The long and very winding road to the truth about an Arizona county’s general election apparently runs all the way to Montana.
CNN tried to get to bottom of reports that voting machine information from Maricopa County had been trucked nearly 1,300 miles to Montana for analysis.
“Arizona voting system data has been taken by truck to a so-called ‘secure powerful laboratory’ in rural Montana to be ‘forensically evaluated,'” Anderson Cooper tweeted.
Arizona voting system data has been taken by truck to a so-called “secure powerful laboratory” in rural Montana to be “forensically evaluated.”@GaryTuchmanCNN visits the area to investigate. pic.twitter.com/Om5fW19Wx5
— Anderson Cooper 360° (@AC360) June 17, 2021
Accompanying aerial footage of a wooded area shows a house, cabin and barn, but no people. The location in question is private property.
“Is this the secure, powerful laboratory?” CNN’s Gary Tuchman asked. “Is Arizona voting data inside that cabin? We just don’t know — but it could be.”
“There is no indication whatsoever of any outside observers,” he added.
The Arizona election audit saga began more than six months ago when Arizona Senate Republicans, responding to claims of voting irregularities and wanting to know the truth, decided a full-scale forensic audit was necessary.
The firm Cyber Ninjas began the audit following months of wrangling with Maricopa County.
“Everything that Cyber Ninjas is doing they’re either doing with their own expertise, or the expertise of the people that they’re hiring,” said Ken Bennett, a spokesman for the audit.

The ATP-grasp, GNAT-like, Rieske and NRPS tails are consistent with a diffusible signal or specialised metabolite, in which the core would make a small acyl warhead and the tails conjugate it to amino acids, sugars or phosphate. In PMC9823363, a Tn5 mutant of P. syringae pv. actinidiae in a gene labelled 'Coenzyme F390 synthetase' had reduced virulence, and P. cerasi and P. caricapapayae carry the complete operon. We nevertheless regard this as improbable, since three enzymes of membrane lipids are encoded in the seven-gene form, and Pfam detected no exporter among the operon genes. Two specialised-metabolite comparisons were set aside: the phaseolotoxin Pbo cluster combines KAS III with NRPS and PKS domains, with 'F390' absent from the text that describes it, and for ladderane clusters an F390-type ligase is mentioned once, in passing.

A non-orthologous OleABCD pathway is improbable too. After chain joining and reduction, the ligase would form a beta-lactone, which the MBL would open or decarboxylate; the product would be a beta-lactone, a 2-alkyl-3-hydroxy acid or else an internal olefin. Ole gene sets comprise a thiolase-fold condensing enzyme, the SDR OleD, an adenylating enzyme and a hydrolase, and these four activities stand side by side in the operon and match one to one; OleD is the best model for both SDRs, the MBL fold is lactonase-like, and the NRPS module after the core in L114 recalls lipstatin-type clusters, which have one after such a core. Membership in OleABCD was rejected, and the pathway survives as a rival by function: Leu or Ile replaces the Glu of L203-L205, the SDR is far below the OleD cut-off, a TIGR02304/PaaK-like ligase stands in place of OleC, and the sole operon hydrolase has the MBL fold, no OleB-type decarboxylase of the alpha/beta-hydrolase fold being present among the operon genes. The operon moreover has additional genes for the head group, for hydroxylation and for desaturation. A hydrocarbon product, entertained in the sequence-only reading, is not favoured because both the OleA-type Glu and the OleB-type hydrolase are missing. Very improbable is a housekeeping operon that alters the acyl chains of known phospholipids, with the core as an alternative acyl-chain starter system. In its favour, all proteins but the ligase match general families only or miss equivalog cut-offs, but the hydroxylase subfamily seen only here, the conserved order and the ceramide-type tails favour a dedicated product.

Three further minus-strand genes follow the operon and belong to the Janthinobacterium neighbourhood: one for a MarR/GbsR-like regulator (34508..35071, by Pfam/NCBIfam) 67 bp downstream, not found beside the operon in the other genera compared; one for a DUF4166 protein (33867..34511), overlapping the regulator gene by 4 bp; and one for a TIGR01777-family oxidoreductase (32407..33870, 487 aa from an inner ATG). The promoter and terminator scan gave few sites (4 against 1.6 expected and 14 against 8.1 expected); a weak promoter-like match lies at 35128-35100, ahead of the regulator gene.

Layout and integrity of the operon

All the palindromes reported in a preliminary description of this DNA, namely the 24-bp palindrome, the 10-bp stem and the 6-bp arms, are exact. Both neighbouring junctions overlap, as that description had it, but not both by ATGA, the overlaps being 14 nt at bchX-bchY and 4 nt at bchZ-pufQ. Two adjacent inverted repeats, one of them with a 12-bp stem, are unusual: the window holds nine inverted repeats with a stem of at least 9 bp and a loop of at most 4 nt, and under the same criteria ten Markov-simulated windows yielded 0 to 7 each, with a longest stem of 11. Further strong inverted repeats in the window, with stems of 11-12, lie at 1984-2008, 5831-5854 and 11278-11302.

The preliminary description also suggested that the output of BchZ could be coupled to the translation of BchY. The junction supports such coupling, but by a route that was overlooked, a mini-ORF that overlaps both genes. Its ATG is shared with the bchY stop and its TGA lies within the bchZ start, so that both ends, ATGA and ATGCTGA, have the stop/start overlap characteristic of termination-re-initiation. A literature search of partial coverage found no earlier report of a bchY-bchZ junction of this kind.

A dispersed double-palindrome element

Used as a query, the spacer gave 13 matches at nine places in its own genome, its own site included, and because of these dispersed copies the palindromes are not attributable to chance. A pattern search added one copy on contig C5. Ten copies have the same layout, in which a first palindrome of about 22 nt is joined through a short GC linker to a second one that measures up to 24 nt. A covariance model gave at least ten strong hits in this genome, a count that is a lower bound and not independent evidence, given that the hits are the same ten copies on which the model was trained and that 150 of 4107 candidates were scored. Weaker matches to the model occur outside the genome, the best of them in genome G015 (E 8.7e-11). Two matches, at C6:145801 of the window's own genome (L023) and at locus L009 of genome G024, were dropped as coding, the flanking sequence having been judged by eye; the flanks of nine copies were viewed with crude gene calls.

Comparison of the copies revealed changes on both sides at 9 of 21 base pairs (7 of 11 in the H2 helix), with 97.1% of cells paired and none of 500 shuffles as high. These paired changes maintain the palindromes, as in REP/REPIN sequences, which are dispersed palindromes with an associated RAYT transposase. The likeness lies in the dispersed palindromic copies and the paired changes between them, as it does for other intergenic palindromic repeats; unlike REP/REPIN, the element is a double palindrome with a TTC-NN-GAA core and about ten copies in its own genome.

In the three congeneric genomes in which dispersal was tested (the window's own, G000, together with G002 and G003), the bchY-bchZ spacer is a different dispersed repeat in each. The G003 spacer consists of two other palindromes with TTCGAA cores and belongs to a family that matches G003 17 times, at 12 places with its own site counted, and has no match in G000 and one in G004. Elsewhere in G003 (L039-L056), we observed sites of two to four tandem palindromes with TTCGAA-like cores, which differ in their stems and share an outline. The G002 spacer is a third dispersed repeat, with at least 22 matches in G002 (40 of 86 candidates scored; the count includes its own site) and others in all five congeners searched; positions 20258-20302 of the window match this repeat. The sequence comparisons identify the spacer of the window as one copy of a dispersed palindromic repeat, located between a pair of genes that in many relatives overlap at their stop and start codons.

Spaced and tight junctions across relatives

Bennett said a sub-contractor called CyFIR is reviewing Arizona voting system data.
But according to CNN, CyFIR CEO Ben Cotton has taken the data from Arizona to a laboratory in Montana.
“Bennett tells us he doesn’t know where the so-called lab is. It is apparently a secret,” Tuchman said.
“The original evidence was left completely intact,” Bennett said. “A copy was taken to do whatever evaluation they are doing for Cyber Ninjas.”
Exactly what Cotton is doing with the data is unclear.
Cotton cited a non-disclosure agreement when asked what was taking place in Montana and would not discuss any aspect of his work, including whether his location is secure, according to KECI-TV.
Arizona Secretary of State Katie Hobbs has repeatedly criticized the audit.
Hobbs had earlier noted that the ballots were taken to Montana.
“On May 24, 2021, Senate Liaison Ken Bennett confirmed that copies of voting system data was sent to a lab in Montana. He did not specify what security measures were in place, or what the lab in Montana will do with the data or how long it will be in possession of the copies,” Hobbs’ office noted on its website.
“You can’t make this stuff up,” Hobbs said. “If it wasn’t happening right in front of our eyes, we wouldn’t believe it was happening.”
Watch the full Senate hearing on the Arizona audit here.
This article appeared originally on The Western Journal.